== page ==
The Genius of William Gass

William H. Gass
William H. Gass; drawing by David Levine

As he enters into his tenth decade, his sixth of literary production, it seems safe—but also important—to nominate William Gass as our greatest living champion of the sentence. A scholar of its innumerable variations, he has devoted untold numbers of pages to pondering its metaphysics. And he has himself, of course, practiced everything he has preached. He writes, he says, for the ear, and does so contagiously, working the sources of rhythm and cadence as he rolls out his variegated verbal brocades. He is never unaware of his materials, and never afraid to go for effects that might, in W.H. Auden’s words, “bring down the house.” Try reading William Gass and then keeping him out of your own sentences.

Stylistically it has been this way from the start in his fiction—from Gass’s first published book, Omensetter’s Luck (1966), a portrait of a charismatic man in nineteenth-century Ohio, down through the subsequent works, like his vast and venting novel The Tunnel (1995), in which a Holocaust expert fears that his wife will discover his cruel descriptions of their life together and begins to dig a tunnel out of his basement, and the recent Middle C (2013), about a middle-aged man whose family fled Austria by pretending to be Jewish. This is no less true in the steady minting of his sui generis essays, which have now been gathered into seven collections. Though he has been taken to task in some critical quarters for linguistic overexuberance, these same works have won Gass honors too numerous to cite—three of the essay collections alone have won the prestigious National Book Critics Circle award.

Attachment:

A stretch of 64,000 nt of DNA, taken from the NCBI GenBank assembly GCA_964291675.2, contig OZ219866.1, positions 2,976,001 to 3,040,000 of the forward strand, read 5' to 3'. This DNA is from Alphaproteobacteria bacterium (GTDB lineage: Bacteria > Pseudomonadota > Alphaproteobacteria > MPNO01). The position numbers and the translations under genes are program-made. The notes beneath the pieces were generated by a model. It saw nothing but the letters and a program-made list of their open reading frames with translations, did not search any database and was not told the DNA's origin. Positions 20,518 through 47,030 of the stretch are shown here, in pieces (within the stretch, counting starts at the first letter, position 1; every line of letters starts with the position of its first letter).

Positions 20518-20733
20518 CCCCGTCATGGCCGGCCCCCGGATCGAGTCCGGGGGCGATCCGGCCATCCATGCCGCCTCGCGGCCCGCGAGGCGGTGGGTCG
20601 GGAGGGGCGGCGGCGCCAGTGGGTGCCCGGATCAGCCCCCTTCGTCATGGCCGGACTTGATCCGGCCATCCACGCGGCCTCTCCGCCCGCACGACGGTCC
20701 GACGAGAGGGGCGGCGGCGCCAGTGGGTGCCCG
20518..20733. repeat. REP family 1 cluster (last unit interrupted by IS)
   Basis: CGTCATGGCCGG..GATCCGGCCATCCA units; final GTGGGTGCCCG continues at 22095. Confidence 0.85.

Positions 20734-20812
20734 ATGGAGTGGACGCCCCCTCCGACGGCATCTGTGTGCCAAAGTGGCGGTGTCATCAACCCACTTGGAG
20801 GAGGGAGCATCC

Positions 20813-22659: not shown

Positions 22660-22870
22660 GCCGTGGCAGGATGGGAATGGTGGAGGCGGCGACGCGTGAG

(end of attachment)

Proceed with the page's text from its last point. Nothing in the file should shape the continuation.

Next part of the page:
Trained as a philosopher (he studied with the analytic philosopher Max Black and—briefly—with Ludwig Wittgenstein at Cornell), Gass taught philosophy for many years at Washington University in St. Louis. His philosophical interest centered primarily on language, and one of his achievements has been the translation of aspects of that preoccupation into the literary. Gass credits his reading of Gertrude Stein as his awakening to the structural implications of literary expression. As he said in an interview with The Paris Review:

When I started to examine what she was up to, I realized that I had to begin to get a feel, the way a painter would, of what happens when you try a sentence this way or try it that. To write sentences out of context is a fool’s business, but I set about doing the fool’s business. You can’t really talk very sensibly about the content of a sentence out of the context of its use, but you can talk a lot about the form of the sentence and how the forms are interlaced and how they interact within a sentence.

Gass cannot say enough about the great sentence maximalists—about Stein, Henry James, Malcolm Lowry, Ford Madox Ford, James Joyce, Marcel Proust—or about the core mysteries of sense making, how…

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